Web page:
Spatial pattern of arsenic contamination in shallow wells of Bangladesh: regional geology and nonlinear dynamics
Since the discovery of large-scale arsenic contamination of groundwater in Bangladesh more than a decade ago, studies related to its spatial characterization have relied on geostatistical approaches and the classical notion of linear stochastic dynamics. This study explores an alternative nonlinear approach, with a motivation to possibly achieve more cost-effective solutions for Bangladesh. It investigates the existence of nonlinear deterministic and chaotic dynamic behavior in the spatial pattern of arsenic contamination in the shallow wells (depth<150 m). The database comprises the nationwide arsenic survey completed in 1999 by the British Geological Survey (BGS) in collaboration with the Department of Public Health Engineering (DPHE) of Bangladesh. Distinction is made in terms of regional geology (Pleistocene vs. Holocene deposits/Northwest vs. Southwest) to understand the geologic dependency. Identification of possible presence of nonlinear deterministic and chaotic patterns is made via the Grassberger-Procaccia correlation dimension algorithm. The analysis yields correlation dimension values ranging anywhere from 8 to 11 depending on the region, suggesting that the arsenic contamination in space, from a chaotic dynamic perspective, is a medium- to high-dimensional problem. The dimension results also indicate that the spatial dynamics of arsenic may be moderately sensitive to geology, with Pleistocene aquifers appearing to require a minimum of about two less dominant processes/variables for its description when compared to that required by the Holocene aquifers. Based on these results, a qualitative discussion is also cast on the potential opportunities offered by a nonlinear deterministic and chaotic dynamic approach towards improving cost-effectiveness in siting new safe wells.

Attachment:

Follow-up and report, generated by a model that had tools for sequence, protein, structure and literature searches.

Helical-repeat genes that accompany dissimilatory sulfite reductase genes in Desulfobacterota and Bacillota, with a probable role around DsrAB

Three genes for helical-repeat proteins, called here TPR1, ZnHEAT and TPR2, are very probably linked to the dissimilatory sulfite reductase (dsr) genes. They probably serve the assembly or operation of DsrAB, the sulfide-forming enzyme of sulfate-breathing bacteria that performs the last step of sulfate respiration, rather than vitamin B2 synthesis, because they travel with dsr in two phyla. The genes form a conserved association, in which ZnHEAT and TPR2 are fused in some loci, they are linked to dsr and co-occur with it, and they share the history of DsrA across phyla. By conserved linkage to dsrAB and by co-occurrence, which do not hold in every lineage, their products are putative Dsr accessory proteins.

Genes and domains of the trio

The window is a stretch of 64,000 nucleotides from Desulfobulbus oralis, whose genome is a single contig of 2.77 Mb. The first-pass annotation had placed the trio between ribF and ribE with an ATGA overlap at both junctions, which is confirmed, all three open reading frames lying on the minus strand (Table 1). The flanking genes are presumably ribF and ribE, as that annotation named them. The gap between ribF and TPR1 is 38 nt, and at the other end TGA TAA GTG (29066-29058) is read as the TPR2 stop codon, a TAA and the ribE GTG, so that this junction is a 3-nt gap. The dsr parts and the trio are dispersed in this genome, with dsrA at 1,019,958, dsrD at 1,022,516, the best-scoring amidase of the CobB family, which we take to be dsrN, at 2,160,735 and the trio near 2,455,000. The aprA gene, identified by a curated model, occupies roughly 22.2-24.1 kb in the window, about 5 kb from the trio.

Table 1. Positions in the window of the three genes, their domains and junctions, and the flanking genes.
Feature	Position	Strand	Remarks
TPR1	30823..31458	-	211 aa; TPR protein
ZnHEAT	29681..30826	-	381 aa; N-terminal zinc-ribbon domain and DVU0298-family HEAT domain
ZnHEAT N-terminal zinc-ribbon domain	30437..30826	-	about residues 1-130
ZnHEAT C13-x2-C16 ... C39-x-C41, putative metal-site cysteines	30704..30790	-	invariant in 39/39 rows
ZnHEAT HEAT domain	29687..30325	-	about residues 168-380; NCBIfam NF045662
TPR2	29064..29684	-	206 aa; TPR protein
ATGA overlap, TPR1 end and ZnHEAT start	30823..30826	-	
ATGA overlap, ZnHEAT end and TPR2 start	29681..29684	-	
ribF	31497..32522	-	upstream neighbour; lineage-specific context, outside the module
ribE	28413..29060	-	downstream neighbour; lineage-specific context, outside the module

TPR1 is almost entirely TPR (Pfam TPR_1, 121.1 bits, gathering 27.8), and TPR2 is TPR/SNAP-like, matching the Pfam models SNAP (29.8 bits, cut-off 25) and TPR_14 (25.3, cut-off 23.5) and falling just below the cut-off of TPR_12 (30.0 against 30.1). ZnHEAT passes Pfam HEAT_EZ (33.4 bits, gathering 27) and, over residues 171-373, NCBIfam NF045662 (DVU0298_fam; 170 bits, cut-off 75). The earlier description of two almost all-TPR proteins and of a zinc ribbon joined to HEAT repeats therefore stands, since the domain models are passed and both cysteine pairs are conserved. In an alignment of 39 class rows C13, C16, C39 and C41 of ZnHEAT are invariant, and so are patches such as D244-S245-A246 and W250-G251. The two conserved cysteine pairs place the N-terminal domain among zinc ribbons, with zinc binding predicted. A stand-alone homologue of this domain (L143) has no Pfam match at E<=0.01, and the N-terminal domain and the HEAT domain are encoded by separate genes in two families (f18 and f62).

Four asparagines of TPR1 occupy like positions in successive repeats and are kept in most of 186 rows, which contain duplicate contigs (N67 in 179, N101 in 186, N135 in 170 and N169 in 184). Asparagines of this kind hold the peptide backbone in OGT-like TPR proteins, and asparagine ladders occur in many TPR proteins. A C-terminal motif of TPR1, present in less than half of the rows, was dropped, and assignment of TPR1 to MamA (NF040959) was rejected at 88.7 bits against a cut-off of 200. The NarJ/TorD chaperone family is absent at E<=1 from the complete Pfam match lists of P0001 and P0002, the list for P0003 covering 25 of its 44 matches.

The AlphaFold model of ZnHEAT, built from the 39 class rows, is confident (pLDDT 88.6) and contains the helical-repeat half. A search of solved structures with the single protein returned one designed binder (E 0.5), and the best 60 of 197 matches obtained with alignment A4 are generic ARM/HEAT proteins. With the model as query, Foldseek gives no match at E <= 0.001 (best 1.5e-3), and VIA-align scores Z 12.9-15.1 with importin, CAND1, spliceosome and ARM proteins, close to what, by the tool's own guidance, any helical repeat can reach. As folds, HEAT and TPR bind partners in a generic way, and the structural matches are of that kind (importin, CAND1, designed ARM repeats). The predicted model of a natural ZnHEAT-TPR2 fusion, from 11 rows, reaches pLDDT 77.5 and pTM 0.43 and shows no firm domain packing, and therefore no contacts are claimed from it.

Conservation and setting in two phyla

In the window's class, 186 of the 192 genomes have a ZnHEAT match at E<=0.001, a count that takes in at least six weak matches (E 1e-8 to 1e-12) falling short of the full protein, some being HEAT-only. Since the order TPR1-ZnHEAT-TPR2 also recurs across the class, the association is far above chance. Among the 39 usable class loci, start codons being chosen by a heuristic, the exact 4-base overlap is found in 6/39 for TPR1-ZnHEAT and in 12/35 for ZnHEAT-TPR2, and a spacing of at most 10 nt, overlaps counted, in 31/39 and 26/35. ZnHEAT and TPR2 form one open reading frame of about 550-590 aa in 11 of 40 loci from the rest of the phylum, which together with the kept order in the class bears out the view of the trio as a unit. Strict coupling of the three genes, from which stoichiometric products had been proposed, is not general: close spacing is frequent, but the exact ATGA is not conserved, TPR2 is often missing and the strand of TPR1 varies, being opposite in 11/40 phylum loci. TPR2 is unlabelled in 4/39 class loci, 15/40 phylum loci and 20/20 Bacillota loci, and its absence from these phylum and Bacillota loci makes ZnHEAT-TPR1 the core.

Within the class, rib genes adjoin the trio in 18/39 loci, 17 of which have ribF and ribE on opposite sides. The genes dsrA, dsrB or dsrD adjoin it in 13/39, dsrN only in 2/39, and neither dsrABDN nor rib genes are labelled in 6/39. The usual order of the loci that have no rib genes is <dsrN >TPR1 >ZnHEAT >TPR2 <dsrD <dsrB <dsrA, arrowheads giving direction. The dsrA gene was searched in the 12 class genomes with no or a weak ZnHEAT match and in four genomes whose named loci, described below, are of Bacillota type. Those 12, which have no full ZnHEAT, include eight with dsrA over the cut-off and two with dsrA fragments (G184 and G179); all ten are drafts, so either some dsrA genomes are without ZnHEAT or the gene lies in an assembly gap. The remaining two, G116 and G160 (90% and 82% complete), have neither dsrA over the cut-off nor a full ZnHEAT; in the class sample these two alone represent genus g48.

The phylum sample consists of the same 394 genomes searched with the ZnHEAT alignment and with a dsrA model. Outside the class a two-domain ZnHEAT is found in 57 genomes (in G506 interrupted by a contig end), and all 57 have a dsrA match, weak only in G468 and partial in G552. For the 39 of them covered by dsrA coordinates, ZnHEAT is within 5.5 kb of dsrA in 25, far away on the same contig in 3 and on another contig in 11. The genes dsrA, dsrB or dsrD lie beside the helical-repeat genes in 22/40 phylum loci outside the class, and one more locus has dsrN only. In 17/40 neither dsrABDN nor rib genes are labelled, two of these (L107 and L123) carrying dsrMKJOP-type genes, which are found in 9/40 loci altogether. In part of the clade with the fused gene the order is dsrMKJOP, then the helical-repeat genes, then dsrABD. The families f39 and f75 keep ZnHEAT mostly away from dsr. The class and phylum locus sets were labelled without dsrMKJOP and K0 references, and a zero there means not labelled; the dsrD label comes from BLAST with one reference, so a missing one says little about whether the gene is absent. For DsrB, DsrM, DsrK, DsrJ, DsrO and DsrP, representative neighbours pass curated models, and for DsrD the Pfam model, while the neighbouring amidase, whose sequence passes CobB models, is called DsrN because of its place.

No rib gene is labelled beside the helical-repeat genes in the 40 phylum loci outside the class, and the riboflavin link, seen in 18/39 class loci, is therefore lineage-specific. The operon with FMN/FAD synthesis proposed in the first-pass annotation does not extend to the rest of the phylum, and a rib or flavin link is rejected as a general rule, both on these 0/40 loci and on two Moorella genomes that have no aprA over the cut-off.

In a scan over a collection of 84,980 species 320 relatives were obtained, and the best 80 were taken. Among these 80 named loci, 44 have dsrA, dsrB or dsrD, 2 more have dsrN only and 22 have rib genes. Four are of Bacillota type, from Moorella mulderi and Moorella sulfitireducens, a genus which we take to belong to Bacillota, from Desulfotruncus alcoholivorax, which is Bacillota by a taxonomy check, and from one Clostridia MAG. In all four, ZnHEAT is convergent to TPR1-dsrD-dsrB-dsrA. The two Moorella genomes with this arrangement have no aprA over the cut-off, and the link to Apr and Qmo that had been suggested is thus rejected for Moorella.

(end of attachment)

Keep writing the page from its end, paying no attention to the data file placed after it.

Stochastic Environmental Research and Risk Assessment